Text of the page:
Low carbon energy is gaining steam in fast-growing technologies like solar PV and battery EVs, but a key lagging sector—heating—may see a pickup in its own decarbonization. Alongside transport, the CEO of E.ON UK recently mentioned heating as a specific area where the company wants to play a larger role, suggesting perhaps that renewable electricity has more sustainable momentum than heating. This agrees with trends Navigant Research has been following and projecting, as outlined in this blog.
Though global data on heating alone is somewhat limited, for example heating and cooling in Europe accounts for 51% of final energy use, the stakes are indeed high. Together, transport, electricity, and heat accounted for about two-thirds of global CO2 emissions in 2015, according to the International Energy Agency.
Multiple Pathways Will Decarbonize Heating
There are several parallel paths to decarbonizing this sector—one that has traditionally relied on burning fossil fuels onsite. Among these paths, fuels can be decarbonized, heat production processes can be made more efficient, and heat sharing business models can be expanded.
Fuel decarbonization is covered in depth in a new report for the Gas for Climate consortium by Ecofys, a Navigant Company. The report concludes that renewable gas—including biomethane and power-to-gas—can help achieve a net-zero carbon energy system in the European Union by 2050, while saving €138 billion annually compared to a scenario without any gas. The report mentions space heating and industrial heating as benefiting from gas especially during the coldest winter snaps, when the fuel can be dispatched in huge bursts for both heat and power.
Heat production can also be made more efficient with the use of heat pumps and a variety of combined heat and power (CHP) technologies such as fuel cells. Heat pumps are broadly adopted for heating and cooling applications and, especially in high adoption places like Europe, look to provide a compelling bridge between clean electricity and heating and cooling. Meanwhile, CHP systems are being embraced in ever-smaller applications, much smaller than traditional multi-megawatt systems. This is enabled in part by improved packaged systems in the 1 kW-100 kW range, which open massively larger markets than before. Navigant Research forecasts significant growth in CHP in microgrids, and smaller package systems such as micro-CHP fuel cells ready to rise in Europe and elsewhere following significant sales in Japan.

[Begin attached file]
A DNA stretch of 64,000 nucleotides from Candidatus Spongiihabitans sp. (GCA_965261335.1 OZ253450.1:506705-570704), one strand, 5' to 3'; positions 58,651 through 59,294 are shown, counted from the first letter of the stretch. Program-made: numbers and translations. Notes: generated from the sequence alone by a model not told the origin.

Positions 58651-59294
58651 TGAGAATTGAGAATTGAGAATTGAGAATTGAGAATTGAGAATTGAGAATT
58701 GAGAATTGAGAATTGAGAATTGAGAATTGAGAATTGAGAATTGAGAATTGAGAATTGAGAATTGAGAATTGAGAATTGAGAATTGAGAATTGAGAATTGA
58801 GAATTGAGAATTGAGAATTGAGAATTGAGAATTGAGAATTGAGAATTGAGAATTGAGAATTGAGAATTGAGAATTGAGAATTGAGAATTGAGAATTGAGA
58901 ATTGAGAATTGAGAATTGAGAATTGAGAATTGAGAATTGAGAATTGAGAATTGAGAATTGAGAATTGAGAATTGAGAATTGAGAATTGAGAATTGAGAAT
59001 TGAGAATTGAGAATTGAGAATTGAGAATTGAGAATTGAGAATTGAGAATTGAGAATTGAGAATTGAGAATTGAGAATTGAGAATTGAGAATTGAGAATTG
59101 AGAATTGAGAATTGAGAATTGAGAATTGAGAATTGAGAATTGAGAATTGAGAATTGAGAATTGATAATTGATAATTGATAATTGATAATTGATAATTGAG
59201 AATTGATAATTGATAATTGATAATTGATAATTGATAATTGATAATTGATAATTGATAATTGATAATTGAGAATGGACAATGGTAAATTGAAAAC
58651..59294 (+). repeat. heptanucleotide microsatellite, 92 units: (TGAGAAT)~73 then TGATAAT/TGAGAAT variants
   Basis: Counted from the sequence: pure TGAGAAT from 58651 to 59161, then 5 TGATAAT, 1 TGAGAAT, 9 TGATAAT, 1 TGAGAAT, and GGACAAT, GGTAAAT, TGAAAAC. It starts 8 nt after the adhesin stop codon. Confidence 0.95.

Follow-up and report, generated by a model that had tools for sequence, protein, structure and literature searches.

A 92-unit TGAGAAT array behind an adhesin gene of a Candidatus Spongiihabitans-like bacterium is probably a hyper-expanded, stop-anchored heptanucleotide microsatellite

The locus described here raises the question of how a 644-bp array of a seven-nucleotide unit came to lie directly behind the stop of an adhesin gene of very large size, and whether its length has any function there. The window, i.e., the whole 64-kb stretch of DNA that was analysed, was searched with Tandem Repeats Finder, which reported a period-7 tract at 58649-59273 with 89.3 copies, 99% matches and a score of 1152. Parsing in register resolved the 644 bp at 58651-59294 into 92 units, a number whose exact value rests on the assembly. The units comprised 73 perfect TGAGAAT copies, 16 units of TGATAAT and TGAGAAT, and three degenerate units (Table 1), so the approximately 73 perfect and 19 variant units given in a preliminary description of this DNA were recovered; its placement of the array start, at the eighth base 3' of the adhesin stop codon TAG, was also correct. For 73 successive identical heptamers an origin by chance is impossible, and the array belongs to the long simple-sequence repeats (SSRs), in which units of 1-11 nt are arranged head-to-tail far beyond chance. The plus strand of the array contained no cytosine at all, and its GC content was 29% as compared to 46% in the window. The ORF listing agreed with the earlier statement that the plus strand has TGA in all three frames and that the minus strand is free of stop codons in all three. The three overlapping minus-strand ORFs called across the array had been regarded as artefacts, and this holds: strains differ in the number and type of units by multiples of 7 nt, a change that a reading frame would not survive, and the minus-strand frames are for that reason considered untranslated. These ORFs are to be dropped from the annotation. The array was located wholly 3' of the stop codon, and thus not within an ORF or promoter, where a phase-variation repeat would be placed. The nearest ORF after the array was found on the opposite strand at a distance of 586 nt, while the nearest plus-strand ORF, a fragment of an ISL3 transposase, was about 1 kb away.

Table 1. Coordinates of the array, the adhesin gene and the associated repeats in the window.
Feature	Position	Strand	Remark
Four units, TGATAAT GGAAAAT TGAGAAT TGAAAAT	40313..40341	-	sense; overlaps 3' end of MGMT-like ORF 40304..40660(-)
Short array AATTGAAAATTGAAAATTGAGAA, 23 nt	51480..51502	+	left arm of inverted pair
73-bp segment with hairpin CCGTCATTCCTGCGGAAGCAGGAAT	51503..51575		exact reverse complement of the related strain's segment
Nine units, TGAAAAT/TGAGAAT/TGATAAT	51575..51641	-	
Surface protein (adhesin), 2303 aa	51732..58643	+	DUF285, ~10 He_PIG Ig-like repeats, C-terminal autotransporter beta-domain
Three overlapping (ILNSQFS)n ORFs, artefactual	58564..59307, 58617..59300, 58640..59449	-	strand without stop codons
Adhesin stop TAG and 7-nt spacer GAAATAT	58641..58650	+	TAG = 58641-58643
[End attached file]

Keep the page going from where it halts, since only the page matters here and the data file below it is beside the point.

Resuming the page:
Winning Energy Solutions Serve Multiple Sectors
Energy use in most sectors increasingly overlap. Renewable gas usage can be used for transport, electricity generation, and space heating, among other things, and heat pumps also provide a key link between electricity and heating and cooling.
As a final example, consider thermal storage systems such as those at University of California, Irvine (UCI), where 44% of total energy is used for space cooling. On a high PV penetration electrical grid that values flexibility, the cold thermal storage well pays for itself by allowing the campus to shift loads across the day, saving millions of dollars in demand charges while offering an efficient and lower carbon solution.
This type of system works well on large campuses that can share the load across many buildings—in UCI’s case, 8 million SF. But the same basic concept applies to district energy systems that dispense heat and cooling to many facilities and households, especially in certain larger cities. If there is a serious desire to keep this planet from overheating, these types of models should be embraced in ever-smaller, and more flexible, applications.